Previously on Viktor Lofgren: Felt something was amiss. Went on a sabbatical to Figure Shit Out™ this year. Seven months later...
Being completely independent for an extended period of time has been an interesting experience. I imagine it’s the sort of harrowing that will either strengthen you or send you into a spiraling depression. I fell in the first category.
I’ve always considered myself as a bit of an introvert. I’ve never really needed very much in terms of social interaction, and whenever I’ve gotten more than I’ve wanted, I’ve been compelled to withdraw and seek relaxing solitude. Consequently, I’ve surrounded myself mostly with people of a similar nature.
That said, being a complete hermit grows old. Fast. Even for a self-proclaimed introvert.
So out I went, looking for people to talk to. At the outset, this is an uphill battle, especially in Sweden where small-talk with strangers is not very common. My general social awkwardness from decades of being an introvert didn’t help either, I must admit.
If there’s one thing I’ve learned in the preceding 28 years of my life, it’s that as long as you’re persistent enough, you can improve your ability at just about anything. I knew this was true about intellectual pursuits, and physical pursuits; and I learned it was true about social abilities as well.
Stranger still, the sort of people you’ll end up talking to if you do this aren’t the usual reserved nerds I hang out with, but outgoing extroverts… and it kinda rubs off on you in a very unexpected way. I think I may have slightly gone native here. I thoroughly enjoy being around people in a way I don’t think I’ve ever experienced before.
Meeting people far outside your usual circles can be incredibly interesting.
Chances are your friends, coworkers, family all tend to come from a similar cultural background, have a similar education, share similar values, enjoy similar things, and so forth. There is just too damn much common ground for any sort of real discussion to occur.
Where’s the fun in that consensus club? Yeah, the weather’s been nice lately…
I would have never encountered people like the middle aged Iranian man who sat on a bench late at night and offered an interesting discussion on prostitution, traditional gender roles, and the pointlessness of casual sex.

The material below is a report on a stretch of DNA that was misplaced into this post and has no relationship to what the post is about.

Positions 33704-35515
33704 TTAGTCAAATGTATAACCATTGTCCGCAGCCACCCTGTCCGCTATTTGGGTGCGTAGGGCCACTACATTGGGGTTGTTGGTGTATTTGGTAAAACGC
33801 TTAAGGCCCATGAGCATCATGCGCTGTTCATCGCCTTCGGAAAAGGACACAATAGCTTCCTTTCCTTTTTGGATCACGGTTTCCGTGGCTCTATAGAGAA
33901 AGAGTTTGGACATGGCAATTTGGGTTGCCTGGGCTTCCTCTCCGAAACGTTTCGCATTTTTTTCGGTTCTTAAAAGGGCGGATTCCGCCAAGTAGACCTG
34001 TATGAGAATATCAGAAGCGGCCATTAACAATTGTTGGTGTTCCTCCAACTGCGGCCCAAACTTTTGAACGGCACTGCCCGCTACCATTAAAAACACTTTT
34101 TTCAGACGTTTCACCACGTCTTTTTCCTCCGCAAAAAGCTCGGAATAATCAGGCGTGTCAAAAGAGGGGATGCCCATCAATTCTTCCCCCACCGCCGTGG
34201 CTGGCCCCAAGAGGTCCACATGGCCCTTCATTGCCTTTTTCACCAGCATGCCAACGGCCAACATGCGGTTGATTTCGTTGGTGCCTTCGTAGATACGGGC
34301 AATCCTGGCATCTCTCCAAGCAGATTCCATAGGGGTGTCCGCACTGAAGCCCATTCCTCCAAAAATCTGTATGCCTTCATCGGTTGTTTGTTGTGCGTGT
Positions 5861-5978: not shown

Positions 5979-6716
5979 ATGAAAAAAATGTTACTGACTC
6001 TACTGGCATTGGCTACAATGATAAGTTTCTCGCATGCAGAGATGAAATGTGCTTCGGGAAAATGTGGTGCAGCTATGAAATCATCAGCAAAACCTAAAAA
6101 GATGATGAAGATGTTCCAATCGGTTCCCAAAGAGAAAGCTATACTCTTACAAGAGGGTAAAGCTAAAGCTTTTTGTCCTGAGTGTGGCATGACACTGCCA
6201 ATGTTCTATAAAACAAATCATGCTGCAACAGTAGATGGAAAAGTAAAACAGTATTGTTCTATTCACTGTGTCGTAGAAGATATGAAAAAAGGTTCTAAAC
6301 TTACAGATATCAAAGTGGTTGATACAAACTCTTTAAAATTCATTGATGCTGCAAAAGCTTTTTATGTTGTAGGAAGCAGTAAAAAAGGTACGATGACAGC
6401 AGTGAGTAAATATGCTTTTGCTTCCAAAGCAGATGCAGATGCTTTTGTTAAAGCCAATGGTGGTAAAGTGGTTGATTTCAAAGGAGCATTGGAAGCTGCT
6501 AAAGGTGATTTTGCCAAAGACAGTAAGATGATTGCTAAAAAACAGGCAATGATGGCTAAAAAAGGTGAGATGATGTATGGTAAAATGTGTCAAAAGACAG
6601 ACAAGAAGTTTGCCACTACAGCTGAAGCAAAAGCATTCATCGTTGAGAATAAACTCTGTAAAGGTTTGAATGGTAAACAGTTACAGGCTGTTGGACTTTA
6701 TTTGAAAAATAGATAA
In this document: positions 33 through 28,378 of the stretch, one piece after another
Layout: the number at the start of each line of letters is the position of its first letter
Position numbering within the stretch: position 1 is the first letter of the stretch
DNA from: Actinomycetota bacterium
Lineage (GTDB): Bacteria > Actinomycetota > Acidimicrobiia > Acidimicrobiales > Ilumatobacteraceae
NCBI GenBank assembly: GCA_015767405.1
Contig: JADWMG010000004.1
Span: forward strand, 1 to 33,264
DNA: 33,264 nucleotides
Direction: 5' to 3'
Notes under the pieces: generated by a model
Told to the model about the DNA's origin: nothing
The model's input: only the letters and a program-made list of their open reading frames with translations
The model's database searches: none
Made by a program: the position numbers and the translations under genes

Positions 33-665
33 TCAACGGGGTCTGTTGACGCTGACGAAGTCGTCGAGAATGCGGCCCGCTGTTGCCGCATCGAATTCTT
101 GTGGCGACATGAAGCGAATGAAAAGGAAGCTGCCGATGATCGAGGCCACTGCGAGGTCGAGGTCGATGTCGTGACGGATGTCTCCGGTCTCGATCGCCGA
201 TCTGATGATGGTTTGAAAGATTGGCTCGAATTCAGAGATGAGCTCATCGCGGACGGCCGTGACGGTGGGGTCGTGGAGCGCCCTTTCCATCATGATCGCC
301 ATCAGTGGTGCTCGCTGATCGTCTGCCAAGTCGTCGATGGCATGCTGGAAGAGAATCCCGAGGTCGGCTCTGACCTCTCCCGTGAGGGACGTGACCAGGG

This open and extroverted side of myself is something I never knew I had, because I’ve never actually pushed myself to find my limitations in this area.
All else aside, it raises a lot of very interesting questions I can barely begin to answer about the nature of introverts versus extroverts.
In parallel, I’ve been investigating why I had this growing sense of discontent with the way my life used to be.
I’ve always been a believer in the whole Spock/Bones axis where on one side you have rational logic, and on the opposite, irrational emotion. Being a fairly analytical guy, I’ve leaned toward Spock’s logical point of view, and have not given emotion-driven Bones the time of day.
It turns out this is a great fictional device, but isn’t a very accurate description of how human minds operate. Ignoring emotions doesn’t make them go away. At best you stop understanding them and they sort of muddle together into an ill-defined ball of malaise and frustration that hovers over you and makes you feel something is wrong. Ironically, it makes you far more susceptible to emotion.
The only way of addressing this, as far as I can tell, is to actually get in touch with your emotions. This is a rather long journey I will only summarize briefly in the format of a single-slide powerpoint presentation:
- Figure out what you’re feeling. Easier said than done in the beginning. Keep at it.
- Figure out why you’re feeling this way. Hint: A lot of unpleasant emotions stem from wanting to change something that is outside of your domain of control, like for example things in your past.
- If you want the emotion to go away: Accept its cause.
This process requires brutal honesty with yourself, in my experience tends to rub off as brutal honesty with others. For better or worse.
Something that’s become abundantly clear to me is that emotion and logic are not opposites. They’re orthogonal. Emotion deals with wants and needs. Logic deals with achieving goals and determining truth. Where’s the conflict in that? You can be a master in the domains of logic and emotion, and this makes you much stronger than if you are stunted in either.
Reinventing yourself (“Finding yourself’s” bad-ass big brother)
An unexpected side-effect of mastering your emotional side is that you realize how much of who you think you are is just baggage, and just how optional it is to actually pay any heed to that. There are things in your past you can lean on for strength, but also many things that just drag you down. Why let it?
Actually push yourself to be a different person and challenge your perception of who you are, and you’ll find that large aspects of the person you thought you were will just give away at the slightest push. They weren’t part of your nature, just some old habit you picked up.
A caveat is that challenging your perceived self in this way requires abandoning fears of rejection and concerns about how others will perceive you. This is easy to say, but can take some work to actually do. Make no mistake, it’s worth it.
I’ll leave the closing words to Marcus Aurelius (Meditations 2:4)
Remember how long you have been putting off these things, and how many times the gods have given you days of grace, and yet you do not use them. Now it is high time to perceive the kind of Universe whereof you are a part and the nature of the governor of the Universe from which you subsist as an effluence, and that the term of your time is circumscribed, and that unless you use it to attain calm of mind, the time will be gone and you will be gone and the opportunity to use it will not be yours again.